click to enlarge The crafted lighting, tables, wall, design — construction of Sabai, near the intersection of Broad and Boulevard, was a labor of love, co-owner Brandon Pearson says. - SCOTT ELMQUIST
  • Scott Elmquist
  • The crafted lighting, tables, wall, design — construction of Sabai, near the intersection of Broad and Boulevard, was a labor of love, co-owner Brandon Pearson says.

N: New Places

We’re spoiled when it comes to new places to try. Since our 2014 Bar Guide, more than a handful of fine establishments have opened their doors and satiated our thirsty palates. Step into the cozy, tiki-inspired Sabai (facebook.com/sabairva), where you’ll be surrounded by gorgeous blond wood, Edison bulbs and handmade metalwork while drinking some of the freshest, fruity concoctions you’ll ever taste. For something completely different, GwarBar (gwarbar.com) is delightfully blood-spattered and noisy. The selection of liquor and local beers, including Strangeways Brewing’s Gwar Blood, paired with intergalactic junk food is out-of-this-world awesome. In the West End, owner Mac McCormack is on hand to suggest your next favorite libation — from a choice of more than 2,300 spirits — at McCormack’s Big Whiskey Grill & Smokehouse (facebook.com/mccormacksbigwhisky).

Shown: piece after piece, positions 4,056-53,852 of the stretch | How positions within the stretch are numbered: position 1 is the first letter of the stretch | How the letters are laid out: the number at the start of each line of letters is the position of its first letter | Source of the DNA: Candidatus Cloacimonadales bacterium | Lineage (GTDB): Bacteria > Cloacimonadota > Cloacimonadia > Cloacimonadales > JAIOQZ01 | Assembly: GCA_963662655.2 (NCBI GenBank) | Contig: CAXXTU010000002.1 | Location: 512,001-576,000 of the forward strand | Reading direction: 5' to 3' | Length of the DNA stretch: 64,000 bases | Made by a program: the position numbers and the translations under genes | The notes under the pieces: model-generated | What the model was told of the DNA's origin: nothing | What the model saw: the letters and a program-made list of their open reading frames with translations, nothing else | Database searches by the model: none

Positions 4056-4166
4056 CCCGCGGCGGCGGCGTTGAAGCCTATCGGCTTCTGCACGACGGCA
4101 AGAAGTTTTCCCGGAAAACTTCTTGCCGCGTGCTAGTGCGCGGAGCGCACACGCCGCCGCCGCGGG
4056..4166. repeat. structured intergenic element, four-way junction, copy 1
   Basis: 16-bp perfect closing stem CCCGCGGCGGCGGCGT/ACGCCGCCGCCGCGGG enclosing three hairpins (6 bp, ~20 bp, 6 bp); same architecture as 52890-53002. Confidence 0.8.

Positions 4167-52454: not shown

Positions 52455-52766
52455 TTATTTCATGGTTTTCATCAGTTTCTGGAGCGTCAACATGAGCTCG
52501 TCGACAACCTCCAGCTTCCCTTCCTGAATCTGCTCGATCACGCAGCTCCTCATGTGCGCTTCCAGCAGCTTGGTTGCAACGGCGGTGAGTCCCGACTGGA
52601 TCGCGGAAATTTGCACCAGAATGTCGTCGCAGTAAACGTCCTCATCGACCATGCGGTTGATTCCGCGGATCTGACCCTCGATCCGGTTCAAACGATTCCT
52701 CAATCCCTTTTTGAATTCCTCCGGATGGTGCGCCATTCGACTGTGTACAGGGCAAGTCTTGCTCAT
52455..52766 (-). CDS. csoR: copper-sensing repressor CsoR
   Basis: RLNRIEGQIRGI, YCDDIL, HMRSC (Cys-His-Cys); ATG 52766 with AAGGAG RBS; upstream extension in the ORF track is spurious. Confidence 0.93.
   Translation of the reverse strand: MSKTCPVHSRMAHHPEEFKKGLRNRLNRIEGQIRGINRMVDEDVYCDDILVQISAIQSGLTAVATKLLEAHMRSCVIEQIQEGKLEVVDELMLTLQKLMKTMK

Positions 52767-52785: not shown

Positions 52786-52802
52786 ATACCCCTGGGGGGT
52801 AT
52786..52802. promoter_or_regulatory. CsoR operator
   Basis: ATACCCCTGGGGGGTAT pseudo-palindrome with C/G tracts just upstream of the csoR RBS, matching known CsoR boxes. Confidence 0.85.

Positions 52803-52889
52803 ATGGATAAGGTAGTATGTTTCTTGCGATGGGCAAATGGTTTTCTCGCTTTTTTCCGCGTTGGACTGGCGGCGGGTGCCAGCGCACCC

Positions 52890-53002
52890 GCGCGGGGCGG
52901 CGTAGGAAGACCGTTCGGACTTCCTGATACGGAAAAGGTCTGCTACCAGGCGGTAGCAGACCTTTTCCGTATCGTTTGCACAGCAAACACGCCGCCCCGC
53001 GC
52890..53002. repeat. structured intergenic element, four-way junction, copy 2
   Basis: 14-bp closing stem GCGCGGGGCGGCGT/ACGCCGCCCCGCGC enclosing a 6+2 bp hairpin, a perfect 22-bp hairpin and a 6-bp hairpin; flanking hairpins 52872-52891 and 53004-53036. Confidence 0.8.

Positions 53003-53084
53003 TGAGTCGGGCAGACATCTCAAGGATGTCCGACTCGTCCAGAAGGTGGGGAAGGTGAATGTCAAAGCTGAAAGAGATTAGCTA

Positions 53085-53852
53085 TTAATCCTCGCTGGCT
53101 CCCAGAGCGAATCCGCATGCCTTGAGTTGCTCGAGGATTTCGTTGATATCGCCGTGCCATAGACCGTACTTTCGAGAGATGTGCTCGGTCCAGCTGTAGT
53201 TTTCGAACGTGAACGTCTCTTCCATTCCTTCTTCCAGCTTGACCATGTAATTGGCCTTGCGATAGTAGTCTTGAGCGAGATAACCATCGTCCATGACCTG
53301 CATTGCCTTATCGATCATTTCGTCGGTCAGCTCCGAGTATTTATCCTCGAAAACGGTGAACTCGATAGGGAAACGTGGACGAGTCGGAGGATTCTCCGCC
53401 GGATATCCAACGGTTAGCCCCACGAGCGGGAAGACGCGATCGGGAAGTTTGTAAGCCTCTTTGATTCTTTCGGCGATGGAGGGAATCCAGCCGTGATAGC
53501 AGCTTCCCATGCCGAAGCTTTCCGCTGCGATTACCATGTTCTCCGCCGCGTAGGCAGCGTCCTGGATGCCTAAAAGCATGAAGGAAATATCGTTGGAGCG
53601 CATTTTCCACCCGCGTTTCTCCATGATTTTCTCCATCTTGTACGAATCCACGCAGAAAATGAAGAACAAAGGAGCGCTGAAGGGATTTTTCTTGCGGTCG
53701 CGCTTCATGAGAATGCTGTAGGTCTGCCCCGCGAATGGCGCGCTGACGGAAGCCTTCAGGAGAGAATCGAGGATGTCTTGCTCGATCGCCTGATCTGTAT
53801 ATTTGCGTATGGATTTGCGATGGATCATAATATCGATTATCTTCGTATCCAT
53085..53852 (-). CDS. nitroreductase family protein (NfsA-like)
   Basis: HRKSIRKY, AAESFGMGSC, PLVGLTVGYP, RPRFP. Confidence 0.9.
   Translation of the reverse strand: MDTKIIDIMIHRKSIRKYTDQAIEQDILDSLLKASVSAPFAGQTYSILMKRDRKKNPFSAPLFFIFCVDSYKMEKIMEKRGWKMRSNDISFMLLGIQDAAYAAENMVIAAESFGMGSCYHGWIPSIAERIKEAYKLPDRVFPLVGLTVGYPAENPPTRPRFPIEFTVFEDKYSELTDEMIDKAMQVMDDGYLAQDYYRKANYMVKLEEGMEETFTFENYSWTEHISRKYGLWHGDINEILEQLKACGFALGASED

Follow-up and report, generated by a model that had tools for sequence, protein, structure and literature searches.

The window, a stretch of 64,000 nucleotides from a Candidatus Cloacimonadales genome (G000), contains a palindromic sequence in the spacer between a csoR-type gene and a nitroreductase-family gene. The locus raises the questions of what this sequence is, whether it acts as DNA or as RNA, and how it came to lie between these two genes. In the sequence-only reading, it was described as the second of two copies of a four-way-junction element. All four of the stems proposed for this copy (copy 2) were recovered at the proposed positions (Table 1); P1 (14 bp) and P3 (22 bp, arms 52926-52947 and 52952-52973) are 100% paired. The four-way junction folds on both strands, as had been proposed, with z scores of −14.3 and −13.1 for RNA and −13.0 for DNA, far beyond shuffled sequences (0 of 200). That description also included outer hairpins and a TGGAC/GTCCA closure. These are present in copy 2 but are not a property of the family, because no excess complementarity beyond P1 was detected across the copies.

Drink like the Spanish do — which involves a lot of eating. Torero Tapas Bar and Grill (facebook.com/torerorvatapas) has authentic jamon and chorizo to go along with your favorite Rioja or a fancy cocktail that can compete with the best of them. Rancho T (ranchot.com), the Tuffy Stone and Ed Vasaio love child, serves up some unforgettable Latin American fare complemented by a thoughtful, darn tasty cocktail program and knowledgeable staff. Coda Urban Bistro (codarva.com) is conveniently located next door to the National and is a several steps above mozzarella sticks and Miller High Life. Whisper the password, and at Grandstaff & Stein Book Sellers (booksellersrva.com), you’ll enter a bygone era full of classic cocktails, dapper barkeeps and swanky digs.

 

click to enlarge feat25_o.jpg

O: Obsession with Fernet-Branca

Still intensely bitter since the first batch was created in 1845, Fernet-Branca is an amaro, a bitter herbal liqueur produced using 27 herbs and other ingredients, usually downed neat as a digestif. It was one of the very few alcoholic products that could be legally imported during Prohibition because of it was classified as medicinal. Right.

At the Rogue Gentlemen (theroguegentlemen.com), you’ll find Fernet front and center because owner John Maher is a fan — although not entirely for medical reasons. Curious? We asked Maher to share his top three reasons to try Fernet:

1. To settle the stomach, especially after a big meal. “It’s healthy,” he says.

2. To try something new. He says amaros tend to play second fiddle to bourbon in the South, but for those seeking something different, nothing fits the bill quite like Fernet.

3. To drink like a bartender or cook: “It’s a job requirement at Rogue Gentlemen. If you don’t when you start here, you will,” he says. “Drink Fernet, it’s delicious.”